Author Topic: Swing Arm wall lamps  (Read 419 times)

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Offline mrFinpgh

  • Posts: 335
Swing Arm wall lamps
« on: November 03, 2019, 04:03 PM »
I've always liked lamps with moveable arms that cantilever out, so was excited to have the opportunity to build these.  The need came from my girlfriend's practice expanding and moving into new offices.  As you can see the office space is very sterile and uninviting, so it definitely needs more 'nice things' in it.

The basis of the design is Chris Becksvoort's plans which he published in FWW a while ago.  The globe style shade is something pretty common with some of the Danish modern lamps you find from the 60s.  I like the cord management and sturdiness of Becksvoort's design a lot, though.  Wood is curly maple and the finish is a mix of Honey Amber and Light Oak dye, sanded back and recoated, then 8 coats of french polish.  The lamps mount to the wall using tapered connectors.

The design uses a pretty small quantity of materials. I actually made 5 lamps in all, two of which I'm giving to my sister and her significant other as bedside lamps (leaving it to them to choose what to do for wire/hardware) and one of which (a prototype from some leftover soft maple) I will try to use as a worklamp.

I bought all the electrical bits from Grand Brass.

One issue I had that left me a bit uncomfortable was the inline switches.  The cloth covered wire is stranded, and the inline switch uses screw clamp terminals.  It seemed to me like no matter how securely the screws clamps down on the wire (which I twisted thoroughly), it seemed like the wire slipped out a little bit as I finished making my connections.  It still seemed to be tightly in there, but I've basically indoctrinated myself that the only good connection is a firm one.  IS this just normal for stranded wire?  Below is an illustration of the innards of the switch. Mine does not have wire with nicks in the insulation like that. :-)

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Since this forum is full of people with great design ideas, I'd welcome any ideas about what else could be done in this space.  The space is the private office area for four psychologists.

Thanks,
Adam



« Last Edit: November 03, 2019, 04:23 PM by mrFinpgh »

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Offline jobsworth

  • Posts: 5926
  • Festool Baby.....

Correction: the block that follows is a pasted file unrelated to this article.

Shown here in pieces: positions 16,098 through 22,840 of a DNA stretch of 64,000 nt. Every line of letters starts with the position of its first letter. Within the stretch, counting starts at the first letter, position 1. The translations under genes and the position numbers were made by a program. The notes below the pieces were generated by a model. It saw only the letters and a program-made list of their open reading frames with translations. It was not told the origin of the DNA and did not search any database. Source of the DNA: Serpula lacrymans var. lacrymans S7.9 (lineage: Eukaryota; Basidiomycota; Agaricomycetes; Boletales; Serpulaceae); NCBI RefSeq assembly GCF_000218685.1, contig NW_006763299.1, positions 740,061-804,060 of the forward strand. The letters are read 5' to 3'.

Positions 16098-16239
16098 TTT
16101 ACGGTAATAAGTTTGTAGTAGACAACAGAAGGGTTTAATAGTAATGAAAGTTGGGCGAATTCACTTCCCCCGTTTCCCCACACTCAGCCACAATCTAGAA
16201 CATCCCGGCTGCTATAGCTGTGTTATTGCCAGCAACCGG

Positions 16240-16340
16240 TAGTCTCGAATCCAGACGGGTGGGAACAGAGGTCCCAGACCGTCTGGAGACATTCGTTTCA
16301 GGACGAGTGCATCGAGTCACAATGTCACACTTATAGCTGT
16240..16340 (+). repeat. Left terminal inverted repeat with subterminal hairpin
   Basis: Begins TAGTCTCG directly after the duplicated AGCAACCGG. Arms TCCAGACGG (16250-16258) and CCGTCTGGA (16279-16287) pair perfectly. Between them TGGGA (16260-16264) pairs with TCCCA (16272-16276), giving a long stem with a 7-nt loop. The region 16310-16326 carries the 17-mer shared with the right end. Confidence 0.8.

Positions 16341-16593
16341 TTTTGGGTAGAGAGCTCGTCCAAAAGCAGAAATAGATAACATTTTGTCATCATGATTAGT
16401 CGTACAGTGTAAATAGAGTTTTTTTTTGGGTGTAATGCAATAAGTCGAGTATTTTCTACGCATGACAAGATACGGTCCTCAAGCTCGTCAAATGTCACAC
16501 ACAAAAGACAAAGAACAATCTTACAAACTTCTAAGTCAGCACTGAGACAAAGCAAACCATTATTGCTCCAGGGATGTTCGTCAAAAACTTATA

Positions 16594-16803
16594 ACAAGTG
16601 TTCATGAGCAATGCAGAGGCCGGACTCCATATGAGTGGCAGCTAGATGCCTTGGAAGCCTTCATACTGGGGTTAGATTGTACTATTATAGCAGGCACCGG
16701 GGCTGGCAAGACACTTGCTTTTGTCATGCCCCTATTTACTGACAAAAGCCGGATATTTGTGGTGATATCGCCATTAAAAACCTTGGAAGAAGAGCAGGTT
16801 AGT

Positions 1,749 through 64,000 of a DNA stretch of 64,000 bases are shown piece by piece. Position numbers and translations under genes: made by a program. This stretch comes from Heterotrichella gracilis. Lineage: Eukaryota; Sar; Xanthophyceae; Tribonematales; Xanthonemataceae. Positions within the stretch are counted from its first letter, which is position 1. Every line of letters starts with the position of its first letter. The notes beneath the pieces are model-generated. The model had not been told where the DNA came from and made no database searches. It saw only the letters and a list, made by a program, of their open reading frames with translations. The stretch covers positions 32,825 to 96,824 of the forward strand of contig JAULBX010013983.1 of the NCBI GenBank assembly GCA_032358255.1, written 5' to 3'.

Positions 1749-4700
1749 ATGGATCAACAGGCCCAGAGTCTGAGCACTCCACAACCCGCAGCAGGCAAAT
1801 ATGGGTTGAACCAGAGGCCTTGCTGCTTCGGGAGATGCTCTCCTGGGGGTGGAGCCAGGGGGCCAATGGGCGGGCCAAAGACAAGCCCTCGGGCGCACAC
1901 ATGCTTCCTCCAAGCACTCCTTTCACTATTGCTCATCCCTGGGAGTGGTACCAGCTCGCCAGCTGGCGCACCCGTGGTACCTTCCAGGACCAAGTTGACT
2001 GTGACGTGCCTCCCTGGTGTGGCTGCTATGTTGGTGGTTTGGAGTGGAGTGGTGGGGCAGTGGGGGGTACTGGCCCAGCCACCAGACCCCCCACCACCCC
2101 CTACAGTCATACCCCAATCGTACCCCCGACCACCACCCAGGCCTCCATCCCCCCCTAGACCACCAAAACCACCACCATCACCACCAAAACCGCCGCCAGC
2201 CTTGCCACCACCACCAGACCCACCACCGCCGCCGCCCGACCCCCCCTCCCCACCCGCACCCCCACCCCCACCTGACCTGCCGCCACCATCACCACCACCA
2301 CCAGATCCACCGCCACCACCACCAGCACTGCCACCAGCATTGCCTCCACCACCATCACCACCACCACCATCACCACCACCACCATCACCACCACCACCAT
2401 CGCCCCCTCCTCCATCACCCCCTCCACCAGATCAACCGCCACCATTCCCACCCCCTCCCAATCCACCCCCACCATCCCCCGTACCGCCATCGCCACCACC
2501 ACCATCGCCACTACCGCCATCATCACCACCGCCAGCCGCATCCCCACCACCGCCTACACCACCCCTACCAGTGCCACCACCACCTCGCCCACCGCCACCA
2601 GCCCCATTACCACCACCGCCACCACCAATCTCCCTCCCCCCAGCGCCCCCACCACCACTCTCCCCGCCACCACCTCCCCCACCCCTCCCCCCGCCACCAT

Re: Swing Arm wall lamps
« Reply #1 on: November 03, 2019, 05:13 PM »
very nice.

 I would of never thought to make a swing arm lamp

Offline Sparktrician

  • Posts: 3838
Re: Swing Arm wall lamps
« Reply #2 on: November 03, 2019, 05:38 PM »
Suggestion re: the stranded wire.  Before assembling the wire to the switch, twist the bare ends of the wire tightly and use enough solder on the ends to hold all the wires together.  Once the solder has cooled, assemble the wires to the switch.   [smile]
- Willy -

 "Remember, a chip on the shoulder is a sure sign of wood higher up." - Brigham Young

Offline Gregor

  • Posts: 1475
Re: Swing Arm wall lamps
« Reply #3 on: November 03, 2019, 07:31 PM »
Nice design.

One issue I had that left me a bit uncomfortable was the inline switches.  The cloth covered wire is stranded, and the inline switch uses screw clamp terminals.  It seemed to me like no matter how securely the screws clamps down on the wire (which I twisted thoroughly), it seemed like the wire slipped out a little bit as I finished making my connections.  It still seemed to be tightly in there, but I've basically indoctrinated myself that the only good connection is a firm one.  IS this just normal for stranded wire?  Below is an illustration of the innards of the switch. Mine does not have wire with nicks in the insulation like that. :-)
End sleeve for strands exist for a reason, I suggest you get some and a good crimp tool (links are no endorsement but examples for clarification, the hex crimpers are IMHO better than the square ones).

Quote
Since this forum is full of people with great design ideas, I'd welcome any ideas about what else could be done in this space.  The space is the private office area for four psychologists.
Pinball machine? (M.A.M.E. with RPi4) arcade cabinet?
That's what I always put into the staff room at Theme Hospital to make the doctors happy...

Or, pro tip, just ask them what would make them happy?